For three consecutive fall semesters, I’ve worked as a Graduate Teaching Assistant with Florian Kossak on his undergraduate + masters architecture course ARC303 Urban (Hi)Stories. As a GTA, I’ve given one guest lecture each fall semester to students based on my own professional in Accra and academic research focus, and also marked (graded) students’ final essay exams.
In each lecture, I’ve tried to blend architecturally relevant theory with practical exposure to design challenges in the city. In my 2018 and 2019 lectures, I presented and explored postcolonial criticism via the experiences of architecture and design, pulling from the works of Achille Mbembe and Homi Bhabha to critique architecture as a tool for colonial practices of segregation, exclusion, all embedded within a modern imaginary. I then traced the colonial mobilities of British architects and colonial ideas about modernity, progress and development (to be achieved through modernist design and planning). I then moved to critique the emphasis on urban modernity in the contemporary city’s design, and explored this through the practical example of the modern markets initiative in the city. This presentation helped us to explore our roles as architects, designers, planners when coming from ‘global north’ spaces to do design in ‘global south’ cities. Namely, how are we working toward liberatory practices, rather than re-producing colonial and postcolonial exclusions?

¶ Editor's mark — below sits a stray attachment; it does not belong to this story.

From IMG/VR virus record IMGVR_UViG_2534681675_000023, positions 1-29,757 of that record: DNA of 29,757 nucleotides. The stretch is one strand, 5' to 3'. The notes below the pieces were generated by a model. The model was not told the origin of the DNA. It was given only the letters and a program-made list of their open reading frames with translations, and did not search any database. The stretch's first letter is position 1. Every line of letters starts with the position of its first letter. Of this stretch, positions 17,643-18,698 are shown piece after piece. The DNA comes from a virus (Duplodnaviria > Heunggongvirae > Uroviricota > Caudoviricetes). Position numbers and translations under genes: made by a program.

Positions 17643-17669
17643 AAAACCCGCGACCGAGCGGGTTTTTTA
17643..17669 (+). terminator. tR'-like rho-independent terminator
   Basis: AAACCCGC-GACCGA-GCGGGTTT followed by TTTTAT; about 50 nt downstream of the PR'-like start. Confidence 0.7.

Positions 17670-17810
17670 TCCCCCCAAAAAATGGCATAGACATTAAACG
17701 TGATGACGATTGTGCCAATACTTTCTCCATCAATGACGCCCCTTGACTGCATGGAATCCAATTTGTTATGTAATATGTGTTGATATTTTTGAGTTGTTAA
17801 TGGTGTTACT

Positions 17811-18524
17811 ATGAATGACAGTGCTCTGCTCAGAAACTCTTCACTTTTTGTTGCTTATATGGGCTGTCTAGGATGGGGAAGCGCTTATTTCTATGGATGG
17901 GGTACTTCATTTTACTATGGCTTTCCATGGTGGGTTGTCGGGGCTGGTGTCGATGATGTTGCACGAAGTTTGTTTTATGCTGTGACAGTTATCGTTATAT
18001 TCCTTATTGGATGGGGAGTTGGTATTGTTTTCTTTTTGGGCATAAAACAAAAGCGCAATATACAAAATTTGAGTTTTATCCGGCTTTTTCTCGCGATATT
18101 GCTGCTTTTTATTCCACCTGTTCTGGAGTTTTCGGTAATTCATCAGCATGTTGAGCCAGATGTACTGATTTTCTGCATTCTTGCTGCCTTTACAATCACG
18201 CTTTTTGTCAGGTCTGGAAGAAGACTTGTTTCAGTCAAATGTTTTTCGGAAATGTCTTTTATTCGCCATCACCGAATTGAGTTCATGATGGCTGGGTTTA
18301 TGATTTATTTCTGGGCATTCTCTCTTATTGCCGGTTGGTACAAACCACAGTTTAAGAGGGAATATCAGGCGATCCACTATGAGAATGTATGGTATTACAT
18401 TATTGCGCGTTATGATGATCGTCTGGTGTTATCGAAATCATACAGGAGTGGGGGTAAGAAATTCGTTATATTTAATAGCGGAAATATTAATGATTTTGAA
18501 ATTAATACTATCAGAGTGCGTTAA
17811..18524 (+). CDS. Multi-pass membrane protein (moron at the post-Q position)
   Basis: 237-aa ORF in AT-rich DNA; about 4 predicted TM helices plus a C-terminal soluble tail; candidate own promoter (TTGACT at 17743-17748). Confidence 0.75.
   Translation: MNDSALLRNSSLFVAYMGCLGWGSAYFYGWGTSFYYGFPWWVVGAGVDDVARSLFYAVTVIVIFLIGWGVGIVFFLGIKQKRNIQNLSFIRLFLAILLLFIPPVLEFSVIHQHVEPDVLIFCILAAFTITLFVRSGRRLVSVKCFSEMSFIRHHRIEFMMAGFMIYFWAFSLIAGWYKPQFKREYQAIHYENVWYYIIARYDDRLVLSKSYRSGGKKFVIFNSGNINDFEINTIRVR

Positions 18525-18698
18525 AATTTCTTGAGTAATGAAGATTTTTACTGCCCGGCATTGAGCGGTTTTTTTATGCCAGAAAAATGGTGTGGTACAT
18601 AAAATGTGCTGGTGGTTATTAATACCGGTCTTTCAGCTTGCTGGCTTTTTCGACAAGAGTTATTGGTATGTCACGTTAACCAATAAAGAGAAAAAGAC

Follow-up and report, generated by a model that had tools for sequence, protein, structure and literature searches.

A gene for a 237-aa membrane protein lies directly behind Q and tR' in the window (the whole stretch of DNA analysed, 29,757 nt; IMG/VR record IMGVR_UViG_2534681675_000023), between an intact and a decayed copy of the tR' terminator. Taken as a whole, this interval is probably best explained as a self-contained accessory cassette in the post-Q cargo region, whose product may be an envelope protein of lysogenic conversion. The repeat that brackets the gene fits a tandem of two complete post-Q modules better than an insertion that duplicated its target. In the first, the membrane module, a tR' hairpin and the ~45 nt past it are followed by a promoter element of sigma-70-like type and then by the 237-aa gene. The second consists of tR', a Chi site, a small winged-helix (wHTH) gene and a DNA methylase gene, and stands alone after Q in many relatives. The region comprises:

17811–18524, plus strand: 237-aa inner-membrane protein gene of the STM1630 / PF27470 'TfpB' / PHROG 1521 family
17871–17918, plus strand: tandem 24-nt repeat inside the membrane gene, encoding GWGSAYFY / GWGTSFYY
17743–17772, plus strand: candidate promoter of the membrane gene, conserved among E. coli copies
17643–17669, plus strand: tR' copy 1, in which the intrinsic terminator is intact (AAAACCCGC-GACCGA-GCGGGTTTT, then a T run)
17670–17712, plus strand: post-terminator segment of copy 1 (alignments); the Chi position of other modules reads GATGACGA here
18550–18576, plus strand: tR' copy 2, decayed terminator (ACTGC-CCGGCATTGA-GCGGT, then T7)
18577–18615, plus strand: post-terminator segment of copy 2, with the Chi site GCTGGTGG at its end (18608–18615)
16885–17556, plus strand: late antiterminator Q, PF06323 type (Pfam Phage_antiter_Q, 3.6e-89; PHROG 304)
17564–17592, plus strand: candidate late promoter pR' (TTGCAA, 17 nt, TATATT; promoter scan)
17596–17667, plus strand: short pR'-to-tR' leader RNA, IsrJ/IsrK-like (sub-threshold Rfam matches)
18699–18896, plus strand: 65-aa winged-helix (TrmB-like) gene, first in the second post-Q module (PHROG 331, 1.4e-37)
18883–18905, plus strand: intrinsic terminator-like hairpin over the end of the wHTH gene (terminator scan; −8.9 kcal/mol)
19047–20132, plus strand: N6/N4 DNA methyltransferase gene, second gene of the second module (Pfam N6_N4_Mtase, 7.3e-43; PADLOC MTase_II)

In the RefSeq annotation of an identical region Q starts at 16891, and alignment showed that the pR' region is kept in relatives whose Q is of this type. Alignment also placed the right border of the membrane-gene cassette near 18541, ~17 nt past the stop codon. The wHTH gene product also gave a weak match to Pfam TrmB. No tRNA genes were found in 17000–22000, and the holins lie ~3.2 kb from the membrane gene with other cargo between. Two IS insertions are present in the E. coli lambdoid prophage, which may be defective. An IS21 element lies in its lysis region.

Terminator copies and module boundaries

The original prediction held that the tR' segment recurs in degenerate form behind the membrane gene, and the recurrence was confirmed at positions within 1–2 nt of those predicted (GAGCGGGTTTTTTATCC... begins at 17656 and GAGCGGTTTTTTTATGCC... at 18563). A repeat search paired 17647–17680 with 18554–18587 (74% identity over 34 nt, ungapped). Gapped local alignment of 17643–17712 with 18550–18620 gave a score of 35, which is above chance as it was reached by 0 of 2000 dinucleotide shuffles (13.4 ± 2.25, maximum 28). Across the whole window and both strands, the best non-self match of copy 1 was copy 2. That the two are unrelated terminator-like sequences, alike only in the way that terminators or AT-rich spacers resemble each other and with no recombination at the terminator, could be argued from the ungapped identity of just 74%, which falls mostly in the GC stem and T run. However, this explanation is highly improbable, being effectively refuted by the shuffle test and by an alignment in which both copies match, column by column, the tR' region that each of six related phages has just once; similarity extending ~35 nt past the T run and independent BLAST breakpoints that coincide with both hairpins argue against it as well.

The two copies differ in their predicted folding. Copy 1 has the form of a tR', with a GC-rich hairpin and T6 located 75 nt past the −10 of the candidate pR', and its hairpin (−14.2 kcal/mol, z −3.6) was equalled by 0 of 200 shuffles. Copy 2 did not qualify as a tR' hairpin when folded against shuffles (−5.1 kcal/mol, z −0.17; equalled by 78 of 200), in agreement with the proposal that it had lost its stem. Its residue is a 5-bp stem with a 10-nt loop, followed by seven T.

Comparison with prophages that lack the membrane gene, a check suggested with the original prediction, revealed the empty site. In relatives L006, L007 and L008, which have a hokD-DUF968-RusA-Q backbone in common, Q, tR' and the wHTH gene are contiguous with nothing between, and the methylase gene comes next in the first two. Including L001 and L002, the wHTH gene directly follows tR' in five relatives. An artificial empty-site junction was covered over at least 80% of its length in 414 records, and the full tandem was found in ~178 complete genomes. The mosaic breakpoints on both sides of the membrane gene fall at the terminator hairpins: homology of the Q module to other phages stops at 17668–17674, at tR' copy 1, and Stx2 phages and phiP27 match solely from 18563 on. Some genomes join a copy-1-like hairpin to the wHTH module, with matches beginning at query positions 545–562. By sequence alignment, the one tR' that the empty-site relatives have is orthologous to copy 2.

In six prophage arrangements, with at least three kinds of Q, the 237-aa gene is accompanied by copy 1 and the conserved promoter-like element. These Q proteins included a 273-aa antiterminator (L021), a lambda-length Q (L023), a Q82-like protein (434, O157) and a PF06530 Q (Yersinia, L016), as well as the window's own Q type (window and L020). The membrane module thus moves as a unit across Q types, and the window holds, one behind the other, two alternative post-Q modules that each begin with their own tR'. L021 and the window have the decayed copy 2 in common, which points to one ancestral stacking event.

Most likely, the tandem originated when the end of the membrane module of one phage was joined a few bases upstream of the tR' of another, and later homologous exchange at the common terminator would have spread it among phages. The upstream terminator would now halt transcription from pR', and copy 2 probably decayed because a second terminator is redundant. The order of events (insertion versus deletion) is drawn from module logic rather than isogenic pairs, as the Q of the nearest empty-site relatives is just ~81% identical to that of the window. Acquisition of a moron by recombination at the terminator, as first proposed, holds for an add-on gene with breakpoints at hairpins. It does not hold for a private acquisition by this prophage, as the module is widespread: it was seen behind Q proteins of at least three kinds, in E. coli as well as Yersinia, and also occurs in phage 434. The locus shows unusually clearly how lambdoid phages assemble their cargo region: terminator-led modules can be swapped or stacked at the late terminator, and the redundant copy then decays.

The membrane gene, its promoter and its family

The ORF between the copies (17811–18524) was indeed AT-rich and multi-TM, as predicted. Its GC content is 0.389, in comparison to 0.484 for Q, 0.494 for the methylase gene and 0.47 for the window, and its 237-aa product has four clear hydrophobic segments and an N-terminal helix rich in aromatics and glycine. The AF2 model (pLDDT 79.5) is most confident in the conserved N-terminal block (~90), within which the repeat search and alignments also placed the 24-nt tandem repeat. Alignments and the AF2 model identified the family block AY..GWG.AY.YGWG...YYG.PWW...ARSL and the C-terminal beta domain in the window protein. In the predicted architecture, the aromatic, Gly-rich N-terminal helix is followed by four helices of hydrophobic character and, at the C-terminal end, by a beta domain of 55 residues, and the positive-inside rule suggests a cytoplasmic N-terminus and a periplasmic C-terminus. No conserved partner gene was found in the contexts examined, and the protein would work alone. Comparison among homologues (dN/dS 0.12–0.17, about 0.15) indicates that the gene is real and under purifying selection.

Each lecture session has provided the opportunity for me to connect with students (third-year architecture and masters in urban design students), and to provide a critical lecture connecting coloniality and architecture. Feedback I’ve received on my teaching from students:
“I’ll never forget your lecture on Accra (which for me was one of my favorite Humanities lectures ever). Also everyone I spoke to after your lecture said how much they enjoyed it! They all said you’re charismatic and that the talk was very engaging!” – student